Sunday, January 18, 2015

Criticising Jakim good for Islam, says Muslim preacher

Published: 18 January 2015 10:12 AM
Muslim preacher Wan Ji Wan Hussin says criticism against Jakim is healthy. – The Malaysian Insider file pic, January 18, 2015.

Muslim preacher Wan Ji Wan Hussin says criticism against Jakim is healthy. – The Malaysian Insider file pic, January 18, 2015.
Criticism against the Malaysian Islamic Development Department (Jakim) is “healthy” and good for Islam’s image, a Muslim preacher who is facing a sedition charge has said, days after human rights lawyer Eric Paulsen was arrested for claiming that the religious authority promoted extremism.
Wan Ji Wan Hussin said the public often equated criticism against Jakim as criticism against Islam, even though the religious body was prone to errors in its interpretation of the religion.
“Hence, criticising Jakim is healthy. This is because it casts a positive image on Islam, as people will understand that the statements issued by Jakim do not necessarily represent Islam.
“At least it will create the understanding that Islam and Jakim are two different things,” said Wan Ji in a statement yesterday.
Wan Ji added that Jakim itself had often tarnished Islam’s image through its actions, including declaring touching dogs was haram (prohibited) in the wake of the popular ‘I want to touch a dog’ event last October.
He said Jakim had also contradicted itself in ruling that Malaysians subscribed to the Shafie school, as the government itself often strayed from it.
“In the Shafie school, zakat fitrah (alms) cannot be given in the form of money, but food that is fulfilling. The practise of paying zakat through money is from the Hanafi school,” said Wan Ji.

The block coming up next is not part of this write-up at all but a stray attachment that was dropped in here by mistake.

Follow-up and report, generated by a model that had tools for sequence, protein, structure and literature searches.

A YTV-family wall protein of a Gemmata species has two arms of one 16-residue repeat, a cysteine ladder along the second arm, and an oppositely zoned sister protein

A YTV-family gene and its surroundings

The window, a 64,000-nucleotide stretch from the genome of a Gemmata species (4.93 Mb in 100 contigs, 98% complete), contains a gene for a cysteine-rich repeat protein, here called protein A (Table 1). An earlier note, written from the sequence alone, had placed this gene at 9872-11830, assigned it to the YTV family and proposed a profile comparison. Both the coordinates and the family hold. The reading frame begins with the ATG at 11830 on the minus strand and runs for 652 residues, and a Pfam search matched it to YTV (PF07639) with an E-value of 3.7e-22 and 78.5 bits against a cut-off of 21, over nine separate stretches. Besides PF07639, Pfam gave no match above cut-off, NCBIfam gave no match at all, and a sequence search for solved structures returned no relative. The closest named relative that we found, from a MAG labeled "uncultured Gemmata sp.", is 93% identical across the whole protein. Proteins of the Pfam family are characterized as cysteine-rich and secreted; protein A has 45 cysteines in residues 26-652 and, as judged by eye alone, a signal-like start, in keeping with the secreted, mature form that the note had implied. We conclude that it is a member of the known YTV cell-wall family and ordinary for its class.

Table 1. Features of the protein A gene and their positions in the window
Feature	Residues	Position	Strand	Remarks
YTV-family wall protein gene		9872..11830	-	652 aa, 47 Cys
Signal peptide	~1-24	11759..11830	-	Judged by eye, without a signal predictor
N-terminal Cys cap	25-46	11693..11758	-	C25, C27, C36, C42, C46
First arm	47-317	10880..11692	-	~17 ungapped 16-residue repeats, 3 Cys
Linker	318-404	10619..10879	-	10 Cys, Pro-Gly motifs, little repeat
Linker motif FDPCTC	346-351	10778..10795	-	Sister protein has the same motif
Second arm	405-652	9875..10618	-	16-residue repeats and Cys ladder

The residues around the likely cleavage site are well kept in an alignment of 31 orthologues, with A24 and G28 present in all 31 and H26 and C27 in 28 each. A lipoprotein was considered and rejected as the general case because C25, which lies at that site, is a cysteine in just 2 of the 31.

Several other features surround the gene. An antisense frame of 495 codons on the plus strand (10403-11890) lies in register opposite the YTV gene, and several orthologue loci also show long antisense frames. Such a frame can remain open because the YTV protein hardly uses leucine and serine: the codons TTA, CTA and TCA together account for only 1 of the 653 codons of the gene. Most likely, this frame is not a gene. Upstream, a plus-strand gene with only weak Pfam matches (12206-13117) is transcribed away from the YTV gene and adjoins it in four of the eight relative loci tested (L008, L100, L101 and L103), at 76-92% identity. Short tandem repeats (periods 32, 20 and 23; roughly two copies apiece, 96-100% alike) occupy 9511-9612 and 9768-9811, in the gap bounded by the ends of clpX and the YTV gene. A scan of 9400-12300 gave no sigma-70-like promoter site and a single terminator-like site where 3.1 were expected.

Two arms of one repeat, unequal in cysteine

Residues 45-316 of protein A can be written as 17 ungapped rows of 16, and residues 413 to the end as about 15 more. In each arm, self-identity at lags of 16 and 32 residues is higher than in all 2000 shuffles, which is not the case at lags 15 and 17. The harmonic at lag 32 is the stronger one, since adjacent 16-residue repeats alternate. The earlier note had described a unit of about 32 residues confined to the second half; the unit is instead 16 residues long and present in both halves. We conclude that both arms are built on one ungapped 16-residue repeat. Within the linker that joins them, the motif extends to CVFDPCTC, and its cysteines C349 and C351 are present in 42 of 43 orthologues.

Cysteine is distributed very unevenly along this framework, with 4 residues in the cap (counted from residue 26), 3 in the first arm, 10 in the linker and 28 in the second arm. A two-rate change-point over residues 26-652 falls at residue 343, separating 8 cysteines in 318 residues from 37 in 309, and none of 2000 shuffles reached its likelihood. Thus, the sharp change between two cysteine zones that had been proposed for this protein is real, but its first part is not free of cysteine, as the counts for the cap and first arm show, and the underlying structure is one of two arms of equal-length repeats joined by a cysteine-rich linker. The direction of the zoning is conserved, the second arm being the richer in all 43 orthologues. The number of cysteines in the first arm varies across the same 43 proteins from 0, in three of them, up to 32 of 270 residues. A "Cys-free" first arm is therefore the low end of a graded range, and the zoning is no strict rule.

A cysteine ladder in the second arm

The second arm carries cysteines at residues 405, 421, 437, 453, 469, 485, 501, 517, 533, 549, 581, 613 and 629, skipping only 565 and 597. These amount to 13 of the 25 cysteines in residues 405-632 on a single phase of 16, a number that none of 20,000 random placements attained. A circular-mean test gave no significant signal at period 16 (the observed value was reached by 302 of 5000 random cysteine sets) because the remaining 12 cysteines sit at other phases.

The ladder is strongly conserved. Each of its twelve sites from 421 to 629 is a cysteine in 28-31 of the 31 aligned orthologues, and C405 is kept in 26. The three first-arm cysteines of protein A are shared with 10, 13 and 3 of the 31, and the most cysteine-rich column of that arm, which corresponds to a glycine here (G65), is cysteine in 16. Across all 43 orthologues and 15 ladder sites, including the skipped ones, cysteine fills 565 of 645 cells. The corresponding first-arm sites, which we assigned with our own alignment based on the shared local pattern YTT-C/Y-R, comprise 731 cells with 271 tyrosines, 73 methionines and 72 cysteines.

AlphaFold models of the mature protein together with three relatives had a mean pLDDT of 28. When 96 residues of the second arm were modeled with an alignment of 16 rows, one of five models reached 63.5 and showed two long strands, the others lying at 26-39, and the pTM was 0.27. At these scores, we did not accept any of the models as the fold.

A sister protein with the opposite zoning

He stressed that Jakim should not force Muslims to comply with the majority opinions of religious scholars, as they may eventually change and become minority opinions, citing the initial ban on musical instruments.
“Jakim’s actions in using force to respond to criticism also gives a bad impression of Islam among the non-Muslims,” added Wan Ji.
He urged the religious body to counter criticisms with wisdom instead, noting that the Quran taught Muslims to engage with people through debates and good speech.
On Tuesday, police had arrested Paulsen for allegedly accusing Jakim of spreading extremism through Friday sermons.
Paulsen had tweeted on January 9: “Jakim is promoting extremism every Friday. Govt needs to address that if serious about extremism in Malaysia.”
The tweet was later deleted following an uproar online. Umno Youth Religious Bureau chairman Azmir Yuzaimi Mohd Yunos lodged a police report over Paulsen's allegations.
Wan Ji, meanwhile, had pleaded not guilty after being charged with sedition in September last year for a posting on his Facebook page in November 2012.
The former committee member of the Selangor PAS Ulama wing was charged following his comment which had allegedly insulted the Sultan of Selangor. – January 18, 2015.
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